Sudden deafness

Douglas J Lanska MD FAAN MS MSPH (Dr. Lanska of the Great Lakes VA Healthcare System and the University of Wisconsin School of Medicine and Public Health has no relevant financial relationships to disclose.)
Originally released September 10, 2001; last updated February 4, 2017; expires February 4, 2020

This article includes discussion of sudden deafness and sudden hearing loss. The foregoing terms may include synonyms, similar disorders, variations in usage, and abbreviations.

Overview

The author explains the clinical presentation, pathophysiology, diagnostic work-up, and management of sudden deafness. "Sudden" deafness is defined as sensorineural hearing loss of 30 decibels or more in at least 3 contiguous frequencies occurring over less than 3 days. The pathophysiology of sudden deafness is poorly understood. Various theories have been proposed, including those attributing sudden deafness to vascular insults, infectious (especially viral) agents, autoimmune or inflammatory mechanisms, or disruption of labyrinthine membranes. Despite extensive investigation, most cases remain idiopathic. Systemic steroids, or a combination of systemic and intratympanic steroids, are commonly recommended, but some employ intratympanic steroid therapy as a first-line therapy because systemic and transtympanic administration of corticosteroids has been found to result in similar clinical outcomes. Intratympanic steroid perfusion should be offered in patients with incomplete recovery from idiopathic sudden sensorineural hearing loss after failure of initial management, and when used as salvage therapy, intratympanic steroids can result in significant gains in hearing. The overall prognosis depends on the underlying etiology, but a high rate of spontaneous resolution occurs overall (ie, about two thirds of cases). For those who do not recover from idiopathic sudden deafness in their only hearing ear (ie, producing bilateral deafness), cochlear implantation can be considered as early as 3 months after initiating treatment of sudden deafness.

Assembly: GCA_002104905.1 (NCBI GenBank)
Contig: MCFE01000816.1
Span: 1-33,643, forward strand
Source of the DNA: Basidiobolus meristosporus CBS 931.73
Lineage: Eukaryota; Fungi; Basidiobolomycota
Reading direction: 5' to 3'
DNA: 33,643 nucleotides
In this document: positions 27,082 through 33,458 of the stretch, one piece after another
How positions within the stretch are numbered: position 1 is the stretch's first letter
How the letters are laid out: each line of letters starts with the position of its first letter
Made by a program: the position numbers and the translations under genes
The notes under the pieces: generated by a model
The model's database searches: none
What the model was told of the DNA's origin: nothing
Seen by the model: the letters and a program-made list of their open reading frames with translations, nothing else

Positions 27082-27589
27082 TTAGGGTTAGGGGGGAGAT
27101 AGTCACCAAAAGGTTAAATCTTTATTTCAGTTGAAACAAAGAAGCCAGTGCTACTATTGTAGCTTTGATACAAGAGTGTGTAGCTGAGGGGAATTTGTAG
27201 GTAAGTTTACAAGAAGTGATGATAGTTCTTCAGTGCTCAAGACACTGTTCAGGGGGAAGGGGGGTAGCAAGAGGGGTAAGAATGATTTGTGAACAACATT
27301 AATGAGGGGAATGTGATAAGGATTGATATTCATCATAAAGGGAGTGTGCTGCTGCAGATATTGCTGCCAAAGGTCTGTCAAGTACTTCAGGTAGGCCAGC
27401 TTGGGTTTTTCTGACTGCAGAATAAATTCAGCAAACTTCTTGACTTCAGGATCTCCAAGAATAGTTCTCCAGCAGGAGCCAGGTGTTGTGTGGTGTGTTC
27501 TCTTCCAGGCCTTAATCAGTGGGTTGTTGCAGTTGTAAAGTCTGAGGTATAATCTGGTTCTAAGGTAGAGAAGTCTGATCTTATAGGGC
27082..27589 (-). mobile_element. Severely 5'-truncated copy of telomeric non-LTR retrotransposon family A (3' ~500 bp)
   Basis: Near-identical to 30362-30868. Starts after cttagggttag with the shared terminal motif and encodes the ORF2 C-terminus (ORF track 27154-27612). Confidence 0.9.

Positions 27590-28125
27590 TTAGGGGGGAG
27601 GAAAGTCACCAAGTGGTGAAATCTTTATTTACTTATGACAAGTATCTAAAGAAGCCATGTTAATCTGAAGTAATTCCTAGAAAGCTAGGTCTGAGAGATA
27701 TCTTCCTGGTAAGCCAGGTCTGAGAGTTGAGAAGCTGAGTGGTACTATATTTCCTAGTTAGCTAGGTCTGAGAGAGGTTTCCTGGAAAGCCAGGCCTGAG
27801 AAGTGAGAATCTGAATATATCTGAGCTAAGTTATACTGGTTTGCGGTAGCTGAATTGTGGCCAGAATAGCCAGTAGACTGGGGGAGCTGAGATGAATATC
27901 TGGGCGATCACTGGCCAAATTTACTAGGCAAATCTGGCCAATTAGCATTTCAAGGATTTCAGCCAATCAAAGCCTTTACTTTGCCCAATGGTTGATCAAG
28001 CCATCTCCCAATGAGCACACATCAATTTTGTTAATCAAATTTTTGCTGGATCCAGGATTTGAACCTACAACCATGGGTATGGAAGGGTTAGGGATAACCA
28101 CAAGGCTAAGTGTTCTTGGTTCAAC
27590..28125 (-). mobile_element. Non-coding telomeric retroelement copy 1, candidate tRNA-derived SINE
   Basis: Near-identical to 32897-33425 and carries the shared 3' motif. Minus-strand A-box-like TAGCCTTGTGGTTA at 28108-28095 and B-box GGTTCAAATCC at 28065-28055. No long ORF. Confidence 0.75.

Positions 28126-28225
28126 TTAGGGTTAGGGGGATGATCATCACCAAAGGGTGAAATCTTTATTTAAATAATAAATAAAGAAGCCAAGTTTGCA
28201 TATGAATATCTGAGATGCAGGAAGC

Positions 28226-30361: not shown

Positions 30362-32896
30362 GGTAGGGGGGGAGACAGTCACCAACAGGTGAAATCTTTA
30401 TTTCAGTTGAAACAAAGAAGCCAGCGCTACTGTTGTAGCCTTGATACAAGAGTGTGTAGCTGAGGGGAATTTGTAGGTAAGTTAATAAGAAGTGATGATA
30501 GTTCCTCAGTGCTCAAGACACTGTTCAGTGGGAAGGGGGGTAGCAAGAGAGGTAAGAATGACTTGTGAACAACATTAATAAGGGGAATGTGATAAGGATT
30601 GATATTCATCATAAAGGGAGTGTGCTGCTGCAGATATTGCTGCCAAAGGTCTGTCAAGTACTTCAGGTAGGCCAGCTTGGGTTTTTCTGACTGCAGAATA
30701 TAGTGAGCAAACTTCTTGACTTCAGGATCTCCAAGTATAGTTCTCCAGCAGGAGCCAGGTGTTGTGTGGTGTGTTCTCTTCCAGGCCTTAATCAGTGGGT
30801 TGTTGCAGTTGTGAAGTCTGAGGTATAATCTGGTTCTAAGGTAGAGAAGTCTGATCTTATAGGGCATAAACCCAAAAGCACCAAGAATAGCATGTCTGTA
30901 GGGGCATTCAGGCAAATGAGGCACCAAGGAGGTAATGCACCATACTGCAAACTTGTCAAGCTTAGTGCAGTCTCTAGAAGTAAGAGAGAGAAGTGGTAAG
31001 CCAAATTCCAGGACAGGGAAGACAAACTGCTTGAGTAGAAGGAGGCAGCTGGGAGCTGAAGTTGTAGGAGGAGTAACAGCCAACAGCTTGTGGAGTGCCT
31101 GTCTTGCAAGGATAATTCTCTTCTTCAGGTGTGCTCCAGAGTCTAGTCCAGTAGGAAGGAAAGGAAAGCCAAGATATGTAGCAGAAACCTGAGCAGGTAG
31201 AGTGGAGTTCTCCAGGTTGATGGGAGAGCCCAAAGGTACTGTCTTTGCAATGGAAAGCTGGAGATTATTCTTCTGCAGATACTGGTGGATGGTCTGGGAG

Key points

 

• "Sudden" deafness is defined as sensorineural hearing loss of 30 decibels or more in at least 3 contiguous frequencies, occurring over less than 3 days.

 

• In patients with sudden sensorineural hearing loss, tinnitus is associated with worse high-frequency hearing loss, whereas aural fullness and pressure sensations are typically associated with low-frequency hearing loss.

 

• The clinical manifestations of ischemia of the inner ear can include unilateral deafness and tinnitus as well as acute vertigo, nausea and vomiting, imbalance, and canal paresis.

 

• The spectrum of clinical presentation of anterior inferior cerebellar artery (AICA) infarction includes ipsilateral hearing loss with or without tinnitus as well as a range of labyrinthine, brainstem, and cerebellar symptoms and signs.

 

• The spectrum of clinical presentation of superior cerebellar artery syndrome includes ipsilateral Horner syndrome, ipsilateral limb ataxia, contralateral sensorineural hearing loss (due to involvement of the lateral lemniscus carrying decussated ascending auditory information), contralateral superficial sensory loss, vertigo, nystagmus, nausea, and vomiting.

 

• Acute bilateral hearing impairment suggests vertebrobasilar occlusive disease, but hearing loss associated with vertebrobasilar insufficiency is most frequently unilateral.

 

• The blood supply to the inner ear is via the internal auditory artery (also called the labyrinthine artery), which typically originates from the anterior inferior cerebellar artery (AICA).

 

• Patients with unilateral idiopathic sudden sensorineural hearing loss should be evaluated for retrocochlear pathology (eg, acoustic neuroma) using magnetic resonance imaging, brainstem auditory evoked potentials, or audiometric follow-up.

 

• The overall prognosis depends on the underlying etiology, but a high rate of spontaneous resolution occurs overall (ie, about two thirds of cases).

 

• Management is complicated, as the underlying etiology is not known in most patients. A presumptive approach is generally employed, but no consensus exists concerning the management of sudden hearing loss.

 

Systematic syntheses and metaanalyses have failed to support the use of corticosteroids for sudden deafness and, instead, have concluded that “systemic or intratympanic steroid administration does not have a significant treatment effect.”

 

• For those who do not recover from idiopathic sudden deafness in their only hearing ear (ie, producing bilateral deafness), cochlear implantation can be considered as early as 3 months after initiating treatment of sudden deafness.

Historical note and terminology

"Sudden" deafness is typically defined as sensorineural hearing loss of 30 decibels or more in at least 3 contiguous frequencies, occurring over less than 3 days. Some (explicitly or implicitly) consider the syndrome to apply only to "idiopathic" monophasic cases, but in this article such restrictions are not employed.

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